With advances in search engine technology over the last several years, search results have become increasingly personalized. Personalized results are terrific for the user, because they are more likely to get exactly what they want. If they get what they want, they are happy and will continue to use the search engine and often the business they have discovered.
While personalization is a wonderful way of pleasing your potential customers, it also means reaching the customers who want to use your company’s products or services. If the people that land on your website or landing pages don’t really want to use your products or services, then your marketing isn’t effective. You are wasting time and money and so are your visitors.
Marketing has always been designed to target specific demographics that contain potential customers. Creating marketing personas fine-tunes that targeting to a laser-sharp point. Instead of marketing to a group of moms of children aged 5 to 10, you can instead market to Susan, a working single mom with a 5-year-old daughter and a 10-year-old son. Susan works at night so she can spend quality time with her kids during the day, but relies on a live-in nanny to watch her kids when she is working. Susan lives in Chicago and loves the city, but hates dealing with the traffic especially in the winter. Susan generally works from home but once a week goes into the office for meetings. Meetings are in the afternoons on Wednesdays.
You can see from the short marketing persona of Susan above, that you can get to know Susan very well. Your intimate knowledge of Susan’s lifestyle and needs is a large asset when you want to market to her.
Personas are not people that you think are your best customers. Personas are developed with in-depth research into your own actual best customers.
You can start by surveying your client base to determine who your best customers are. These should be customers who are easy to work with, love your products, fit into the culture your company is creating and return for more. Once you find these customers (around 5 to 10), survey them to find out more about them in exchange for a significant reward. While all of them should answer the same set of questions, encourage them to comment on why they like your company and products or offer stories about how they use them.
With the answers you receive from the surveys, develop outlines of a few marketing personas that you think you want to focus on. You may find that you have one persona that essentially defines your ideal customer. Or you may have 4 different personas that use your products in different ways or for unique purposes. You know your company best, but work with your sales team to see if they recognize the descriptions you create.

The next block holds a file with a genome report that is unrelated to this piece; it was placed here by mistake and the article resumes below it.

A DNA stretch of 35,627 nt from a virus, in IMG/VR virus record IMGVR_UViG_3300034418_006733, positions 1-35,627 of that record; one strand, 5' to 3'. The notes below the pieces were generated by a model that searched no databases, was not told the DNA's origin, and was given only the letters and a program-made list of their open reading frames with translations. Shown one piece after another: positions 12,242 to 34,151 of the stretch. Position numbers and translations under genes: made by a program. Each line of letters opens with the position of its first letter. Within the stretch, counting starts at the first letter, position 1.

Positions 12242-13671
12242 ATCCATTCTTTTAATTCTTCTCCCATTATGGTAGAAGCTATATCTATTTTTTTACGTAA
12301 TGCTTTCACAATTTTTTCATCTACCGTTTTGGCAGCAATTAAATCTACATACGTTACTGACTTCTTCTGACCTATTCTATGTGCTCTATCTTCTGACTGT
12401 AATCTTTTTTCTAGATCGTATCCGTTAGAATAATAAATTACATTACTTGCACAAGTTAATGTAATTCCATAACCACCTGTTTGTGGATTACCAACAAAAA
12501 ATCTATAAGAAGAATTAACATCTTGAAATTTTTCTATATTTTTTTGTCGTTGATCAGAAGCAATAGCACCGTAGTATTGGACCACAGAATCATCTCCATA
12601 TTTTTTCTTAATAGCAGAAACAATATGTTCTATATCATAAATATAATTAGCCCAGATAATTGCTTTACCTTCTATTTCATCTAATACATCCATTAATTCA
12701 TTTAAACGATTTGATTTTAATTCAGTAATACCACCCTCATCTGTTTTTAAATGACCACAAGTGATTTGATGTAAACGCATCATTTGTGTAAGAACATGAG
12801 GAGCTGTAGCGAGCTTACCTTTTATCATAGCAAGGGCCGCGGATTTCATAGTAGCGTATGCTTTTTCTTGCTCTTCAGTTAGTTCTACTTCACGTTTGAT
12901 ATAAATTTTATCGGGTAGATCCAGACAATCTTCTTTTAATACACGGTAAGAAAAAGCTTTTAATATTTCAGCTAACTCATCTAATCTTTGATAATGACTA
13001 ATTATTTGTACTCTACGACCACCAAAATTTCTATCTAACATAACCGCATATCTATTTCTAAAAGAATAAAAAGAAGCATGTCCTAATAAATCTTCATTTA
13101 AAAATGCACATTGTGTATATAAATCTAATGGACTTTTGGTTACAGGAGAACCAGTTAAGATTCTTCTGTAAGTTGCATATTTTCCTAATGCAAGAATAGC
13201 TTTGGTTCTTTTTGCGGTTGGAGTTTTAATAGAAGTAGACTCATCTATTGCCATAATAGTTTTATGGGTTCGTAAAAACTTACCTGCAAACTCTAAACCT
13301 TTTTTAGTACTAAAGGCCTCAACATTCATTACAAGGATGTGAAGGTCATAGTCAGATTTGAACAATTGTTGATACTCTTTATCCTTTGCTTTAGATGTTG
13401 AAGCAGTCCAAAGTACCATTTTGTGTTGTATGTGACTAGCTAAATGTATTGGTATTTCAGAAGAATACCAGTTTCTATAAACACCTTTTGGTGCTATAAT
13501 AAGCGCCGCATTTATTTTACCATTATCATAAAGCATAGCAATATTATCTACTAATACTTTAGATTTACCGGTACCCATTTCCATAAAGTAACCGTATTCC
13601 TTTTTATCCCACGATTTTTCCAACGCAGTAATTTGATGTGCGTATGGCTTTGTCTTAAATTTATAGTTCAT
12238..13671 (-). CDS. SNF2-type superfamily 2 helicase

You don’t have to market to all of your personas in the same campaign. You can start with one persona and dig really deeply into the psyche of that persona. Questions to ask are:
There are numerous questions that you can add to this list to understand who you are marketing to. Depending on your products or services, industry and other variables, the questions will change. However, the bottom line is understanding the persona so well, that you can personalize the campaign just for them. Your marketing will all be designed to reach that single persona.
Now that you know who the persona is that you are marketing to, you can start creating the campaign. Every piece of marketing content, every strategy, every ad should be creating a connection with this one persona. Think about where this persona hangs out online and offline. Who influences them? What excites them? When you work on making creatives for your ads or apps for mobile devices, always go back to the persona to decide if this approach will work. The more laser-focused your campaign is on the chosen persona, the more conversions you will have during your campaign. The goal is to match the message to the right person at the right time.
Like any marketing campaign, there will points of data that you can set up to track success. You will have to tweak some creatives or wording to improve results. It is important to ensure that all of your ads are trackable and offer metrics that you can follow.
The type of content you create and the channels you select for marketing should all relate back to your targeted persona. If your persona loves shopping on Pinterest and watching YouTube, then it makes sense to market on those channels. However, if they get all of their news and ideas from Instagram and reading The New York Times, then your marketing should focus on those two channels. Content should match the channel and interaction that your persona likes best.
The more you work with marketing personas, the more natural it will be to use them to strategize and implement your marketing. In fact, you may turn around one day and discover that the customer you are talking to is the embodiment of the persona!
If you want to learn more about marketing personas and how you can use them in your own marketing plan, contact us today and we will be happy to discuss it further.